One of the more fascinating things throughout history is the burial customs of various peoples. The ancient Egyptians captivated us with the idea of embalming. The ancient inhabitants of Ireland had their own customs as evidenced by the dolmens that have ben left behind, and by the amazing New Grange.
I took today’s photo in Israel recently. What you see here is a burial complex. See the flat “benches” that are out front of the rock wall areas? That’s where the people would bring the dead bodies. They would anoint them with spices and such (probably to help keep the smell down) and lay the bodies on the benches. Then, they’d leave them there for a year while the flesh and organs deteriorated. After one year, they’d come back and collect the bones, put them into an ossuary (think of a box, often made of stone or ceramic, that holds bones) and place them into one of the niches carved into the walls.
Aren’t you glad you didn’t live then?
ON THIS DAY IN HISTORY: in 1968, the Israeli submarine Dakar, carrying 69 sailors, disappeared and was never seen again. The exact fate of this vessel remains a mystery to this day.
The Dakar was built at the height of World War II by H.M. Dockyard in Great Britain and commissioned as the HMS Totem by the British navy in 1943. Following the war, the submarine was modified, adding 12 feet to its length and removing some of its gun decks. Israel bought the sub, along with two other similar ones, from Great Britain in 1965. On November 10, 1967, the Israeli navy officially launched it as the Dakar. Following tests near Scotland, the Dakar was scheduled to journey to Haifa in Israel for an official ceremony in early February.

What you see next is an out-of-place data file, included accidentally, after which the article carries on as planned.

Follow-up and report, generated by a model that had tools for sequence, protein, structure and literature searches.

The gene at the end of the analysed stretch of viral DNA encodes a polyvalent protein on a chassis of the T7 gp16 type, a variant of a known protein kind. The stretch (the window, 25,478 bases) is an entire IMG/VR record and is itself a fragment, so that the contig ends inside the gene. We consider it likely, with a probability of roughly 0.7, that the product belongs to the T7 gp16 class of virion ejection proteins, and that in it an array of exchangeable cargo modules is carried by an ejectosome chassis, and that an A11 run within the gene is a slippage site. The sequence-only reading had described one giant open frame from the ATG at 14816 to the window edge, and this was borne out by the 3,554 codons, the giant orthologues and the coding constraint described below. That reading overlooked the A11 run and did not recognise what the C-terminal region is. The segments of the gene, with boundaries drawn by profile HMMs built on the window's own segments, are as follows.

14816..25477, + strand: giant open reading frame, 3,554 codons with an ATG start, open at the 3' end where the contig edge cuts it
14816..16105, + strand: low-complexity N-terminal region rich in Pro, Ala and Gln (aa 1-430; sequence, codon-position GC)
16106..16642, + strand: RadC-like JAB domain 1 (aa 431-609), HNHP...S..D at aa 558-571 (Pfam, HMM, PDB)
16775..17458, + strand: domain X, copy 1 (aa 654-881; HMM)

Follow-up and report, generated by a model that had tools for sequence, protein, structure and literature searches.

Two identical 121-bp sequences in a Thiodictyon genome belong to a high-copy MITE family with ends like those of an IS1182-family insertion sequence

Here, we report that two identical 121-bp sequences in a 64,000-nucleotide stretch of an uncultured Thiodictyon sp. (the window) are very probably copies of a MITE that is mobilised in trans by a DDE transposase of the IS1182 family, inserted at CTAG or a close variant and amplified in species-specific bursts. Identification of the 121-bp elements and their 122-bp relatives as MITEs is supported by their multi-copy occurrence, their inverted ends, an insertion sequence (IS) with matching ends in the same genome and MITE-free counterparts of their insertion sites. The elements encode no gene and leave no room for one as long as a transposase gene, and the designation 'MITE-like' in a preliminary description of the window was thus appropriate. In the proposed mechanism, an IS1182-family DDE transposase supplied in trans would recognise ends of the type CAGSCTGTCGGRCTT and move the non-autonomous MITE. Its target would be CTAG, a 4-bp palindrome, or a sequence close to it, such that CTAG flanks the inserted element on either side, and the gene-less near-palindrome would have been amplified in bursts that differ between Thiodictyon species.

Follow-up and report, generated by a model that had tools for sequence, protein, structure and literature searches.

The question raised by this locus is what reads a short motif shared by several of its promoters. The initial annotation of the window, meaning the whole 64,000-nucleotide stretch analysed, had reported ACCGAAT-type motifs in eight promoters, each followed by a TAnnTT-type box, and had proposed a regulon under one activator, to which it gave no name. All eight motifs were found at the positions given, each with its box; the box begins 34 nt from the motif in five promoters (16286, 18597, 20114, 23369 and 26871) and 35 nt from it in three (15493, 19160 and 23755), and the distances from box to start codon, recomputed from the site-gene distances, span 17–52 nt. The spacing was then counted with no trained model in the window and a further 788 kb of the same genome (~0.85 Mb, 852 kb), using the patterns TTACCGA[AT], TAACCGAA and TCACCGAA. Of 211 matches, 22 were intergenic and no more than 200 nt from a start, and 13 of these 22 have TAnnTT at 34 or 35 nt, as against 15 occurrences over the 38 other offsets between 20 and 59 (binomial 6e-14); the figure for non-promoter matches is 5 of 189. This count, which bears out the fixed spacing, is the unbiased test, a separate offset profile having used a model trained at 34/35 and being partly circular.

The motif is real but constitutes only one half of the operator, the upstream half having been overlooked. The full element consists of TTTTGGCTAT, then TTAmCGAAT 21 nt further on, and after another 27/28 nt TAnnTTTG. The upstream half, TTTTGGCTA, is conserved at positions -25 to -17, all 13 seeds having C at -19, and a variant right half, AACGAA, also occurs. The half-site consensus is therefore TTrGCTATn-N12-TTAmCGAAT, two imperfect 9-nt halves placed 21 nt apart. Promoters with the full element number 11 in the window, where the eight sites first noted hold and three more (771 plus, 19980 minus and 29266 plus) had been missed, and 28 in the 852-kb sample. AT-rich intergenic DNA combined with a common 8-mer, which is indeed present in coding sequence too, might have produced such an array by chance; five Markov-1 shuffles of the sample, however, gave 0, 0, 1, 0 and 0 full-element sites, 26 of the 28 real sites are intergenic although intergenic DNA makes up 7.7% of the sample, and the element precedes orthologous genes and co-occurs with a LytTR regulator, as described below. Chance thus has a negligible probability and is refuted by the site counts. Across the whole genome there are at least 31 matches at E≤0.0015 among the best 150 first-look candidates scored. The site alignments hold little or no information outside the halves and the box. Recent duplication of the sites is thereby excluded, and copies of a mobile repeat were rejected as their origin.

As the Dakar moved toward Haifa, it was supposed to radio its position to the command center in Israel every day. As it passed Gibraltar and moved into the Mediterranean Sea, Lieutenant Commander Ya’acov Ra’anan, in charge of the Dakar, requested permission to arrive in Haifa early on January 28. On January 24, though, the Dakar passed the island of Crete and radioed its position for the last time.
There was an additional signal from the Dakar just after midnight on January 25 and then–nothing. After the sub missed its scheduled signaling, unsuccessful attempts were made to contact the Dakar throughout the day. The following day, an international search-and-rescue operation began. Forces from the United States, Greece, Turkey and Lebanon all tried to find the Dakar for five days before giving up. Israel continued the search on its own until February 4. Despite some speculation that the submarine was deliberately sunk, the Dakar‘s whereabouts remain a mystery.
Israel proclaimed March 4 a national day of mourning and it was declared that all 69 sailors on board the Dakar were considered dead under Jewish religious law. A monument to the crew was later built on Mount Herzel in Jerusalem.
TRIVIA FOR TODAY: Calvin Graham was only 12 years old when he enlisted in the U.S. Navy. He won a Bronze Star and a Purple Heart before the Navy found out how old he was.